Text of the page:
Foodies will find plenty to enjoy on Mallorca, including fairs – firas – dedicated to specific types of food or drink.
On Sunday we headed to Puerto Alcúdia for the annual Fira de la Sípia – the cuttlefish fair – which was combined with an exhibition of all-things-nautical. As much as The Boss and I would probably love to spend time drifting around the Med in a gleaming white boat, it isn’t going to happen. Far too expensive. So we cast only cursory glances at the odd outboard motor, jet ski (even those are beyond our budget), and diving gear, as we passed the various exhibitors. We were following our noses in search of the sípia tapas that we’d come for.
As with this type of event all over Mallorca, there are displays of dancing and handicrafts, live music, and plenty of stalls selling cheeses, preserved meats, wines, sweets and enormous rectangular cakes, sold by the portion. We resisted all temptation and kept focused on the sípia.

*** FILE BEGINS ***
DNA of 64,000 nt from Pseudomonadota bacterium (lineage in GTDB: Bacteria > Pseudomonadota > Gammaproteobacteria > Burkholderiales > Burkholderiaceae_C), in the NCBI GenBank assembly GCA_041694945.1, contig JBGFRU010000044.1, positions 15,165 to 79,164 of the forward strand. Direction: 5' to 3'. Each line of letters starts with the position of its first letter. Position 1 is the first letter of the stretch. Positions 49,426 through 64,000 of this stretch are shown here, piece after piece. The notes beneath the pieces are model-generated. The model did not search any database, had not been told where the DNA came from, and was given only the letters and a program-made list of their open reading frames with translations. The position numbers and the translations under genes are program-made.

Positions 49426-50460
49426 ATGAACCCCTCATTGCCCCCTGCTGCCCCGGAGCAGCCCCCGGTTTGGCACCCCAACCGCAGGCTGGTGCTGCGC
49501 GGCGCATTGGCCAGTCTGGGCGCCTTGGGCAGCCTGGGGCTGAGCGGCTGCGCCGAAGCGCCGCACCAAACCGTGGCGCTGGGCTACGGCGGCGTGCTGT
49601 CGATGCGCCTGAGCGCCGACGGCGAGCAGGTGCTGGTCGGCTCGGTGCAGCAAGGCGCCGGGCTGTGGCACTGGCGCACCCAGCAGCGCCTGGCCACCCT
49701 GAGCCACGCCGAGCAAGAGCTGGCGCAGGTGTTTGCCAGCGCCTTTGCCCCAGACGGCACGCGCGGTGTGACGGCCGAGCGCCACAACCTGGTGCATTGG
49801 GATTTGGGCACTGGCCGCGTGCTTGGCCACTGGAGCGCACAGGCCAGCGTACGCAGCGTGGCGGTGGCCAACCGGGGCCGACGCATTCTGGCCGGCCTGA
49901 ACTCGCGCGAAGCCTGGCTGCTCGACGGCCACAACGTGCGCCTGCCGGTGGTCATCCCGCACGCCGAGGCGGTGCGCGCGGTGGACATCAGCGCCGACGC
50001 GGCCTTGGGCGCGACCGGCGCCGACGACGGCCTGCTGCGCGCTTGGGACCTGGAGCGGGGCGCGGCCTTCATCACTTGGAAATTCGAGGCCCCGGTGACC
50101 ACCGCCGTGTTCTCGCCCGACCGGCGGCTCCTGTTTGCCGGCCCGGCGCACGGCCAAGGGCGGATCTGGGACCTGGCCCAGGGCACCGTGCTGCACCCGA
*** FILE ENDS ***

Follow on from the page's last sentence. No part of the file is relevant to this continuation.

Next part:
Restaurants and cafes around the port were offering special menus, with cuttlefish as the star ingredient, but we were in search of the sípia tapas that are an important part of the fair.
At the far end of port we found an enormous white marquee, crammed with people. Restaurants from around the area had set up stalls to sell tapa-size portions of their own creations starring sípia. Boy, was it hot inside. We tried a sípia brochette with bacon and cheese and a fideuada amb sípia – a paella-like dish but made with tiny noodles instead of rice. Both came with a slice of baguette and were around a couple of euros a dish.
It was our first visit to the Fira de la Sípia, which we’ve missed in previous years for a variety of reasons. And it was a great day out – helped, of course, by some glorious spring weather and the proximity of the glittering Mediterranean.
If you’re visiting Mallorca in spring or summer, there’s every chance your visit could coincide with one of the island’s many food fairs.
©Jan Edwards 2014